• heartburn
  • hoarseness
  • indigestion
  • injection site pain
  • itching or rash
  • lack or loss of strength
  • leg cramps
  • muscle cramping or stiffness
  • paranoia
  • quick to react or overreact emotionally
  • rapidly changing moods
  • redness, pain, or swelling of the eye, eyelid, or inner lining of the eyelid
  • stomach discomfort, pain or upset stomach
  • swelling of the breasts or breast soreness
  • swollen joints
  • tender, swollen glands in the neck
  • trouble swallowing
  • voice changes

Ask your doctor or nurse for more information about possible side effects. Other side effects not listed may also occur in some patients. If you notice any other effects, check with your doctor or nurse. You may also report side effects to the FDA by filling out an online form on the FDA's website or at 1-800-FDA-1088.


Triptorelin is administered by your doctor or nurse. This medicine is given as a shot into your muscle in either buttock.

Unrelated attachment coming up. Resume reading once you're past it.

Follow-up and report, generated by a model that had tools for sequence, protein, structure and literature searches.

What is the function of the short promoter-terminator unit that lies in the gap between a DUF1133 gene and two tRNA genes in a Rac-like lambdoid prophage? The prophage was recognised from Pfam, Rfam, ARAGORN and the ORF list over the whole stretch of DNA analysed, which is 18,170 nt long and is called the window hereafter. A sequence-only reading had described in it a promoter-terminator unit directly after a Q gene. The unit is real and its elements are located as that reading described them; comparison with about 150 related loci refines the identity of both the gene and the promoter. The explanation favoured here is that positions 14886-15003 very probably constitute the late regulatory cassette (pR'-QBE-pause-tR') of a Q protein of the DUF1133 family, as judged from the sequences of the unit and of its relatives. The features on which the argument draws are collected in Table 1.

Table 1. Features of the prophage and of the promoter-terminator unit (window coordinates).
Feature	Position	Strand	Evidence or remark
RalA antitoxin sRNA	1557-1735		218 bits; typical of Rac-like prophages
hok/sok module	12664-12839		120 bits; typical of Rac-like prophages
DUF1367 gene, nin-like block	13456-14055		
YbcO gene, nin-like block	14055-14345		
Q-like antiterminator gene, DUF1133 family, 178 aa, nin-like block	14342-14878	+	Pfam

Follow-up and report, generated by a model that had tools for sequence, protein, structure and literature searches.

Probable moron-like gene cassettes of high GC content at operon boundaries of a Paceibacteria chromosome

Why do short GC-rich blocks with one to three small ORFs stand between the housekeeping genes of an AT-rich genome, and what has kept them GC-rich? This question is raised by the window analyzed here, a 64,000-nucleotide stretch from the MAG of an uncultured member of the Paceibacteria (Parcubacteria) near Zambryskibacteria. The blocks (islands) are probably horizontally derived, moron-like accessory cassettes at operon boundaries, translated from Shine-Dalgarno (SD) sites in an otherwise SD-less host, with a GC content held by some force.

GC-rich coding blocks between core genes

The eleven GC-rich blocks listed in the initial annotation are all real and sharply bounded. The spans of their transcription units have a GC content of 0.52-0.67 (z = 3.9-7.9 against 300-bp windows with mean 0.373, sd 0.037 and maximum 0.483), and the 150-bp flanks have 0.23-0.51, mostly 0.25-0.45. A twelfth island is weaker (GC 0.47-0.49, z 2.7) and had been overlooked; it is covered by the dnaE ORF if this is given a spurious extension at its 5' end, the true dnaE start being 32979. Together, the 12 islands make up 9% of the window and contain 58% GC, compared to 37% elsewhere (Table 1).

This medicine needs to be administered on a fixed schedule. Make sure to keep all of your appointments.

Triptorelin may cause an increase in certain hormones in the first few weeks after the first injection. Your doctor will monitor you carefully for any new or worsening symptoms during this time.

For Prostate Cancer:

Adults and children 12 years of age and older- 3.75 mg intramuscularly every 4 weeks, 11.25 mg intramuscularly every 12 weeks, or 22.5 mg intramuscularly every 24 weeks.

For central precocious puberty:

Children younger than 12 years of age- an injection of 22.5 mg is usually given every 24 weeks.


Some certain medicines may interact with triptorelin in an adverse or undesired way. It is important for you to keep a list of all of the nonprescription (over-the-counter) and prescription medicines you are taking, as well as any minerals, vitamins, or other dietary supplements. Be sure to also include any of the following: amiodarone (Nexterone, Pacerone), reserpine, carbamazepine (Tegretol, Teril), bupropion (Aplenzin, Wellbutrin, Zyban), methyldopa (in Aldoril), metoclopramide (Reglan), or selective serotonin reuptake inhibitors (or SSRIs) such as fluoxetine (Prozac), sertraline (Zoloft), as well as paroxetine (Paxil). You should bring the list of medicines with you when you visit a doctor or are admitted to the hospital. Keep this list with you in case of emergencies.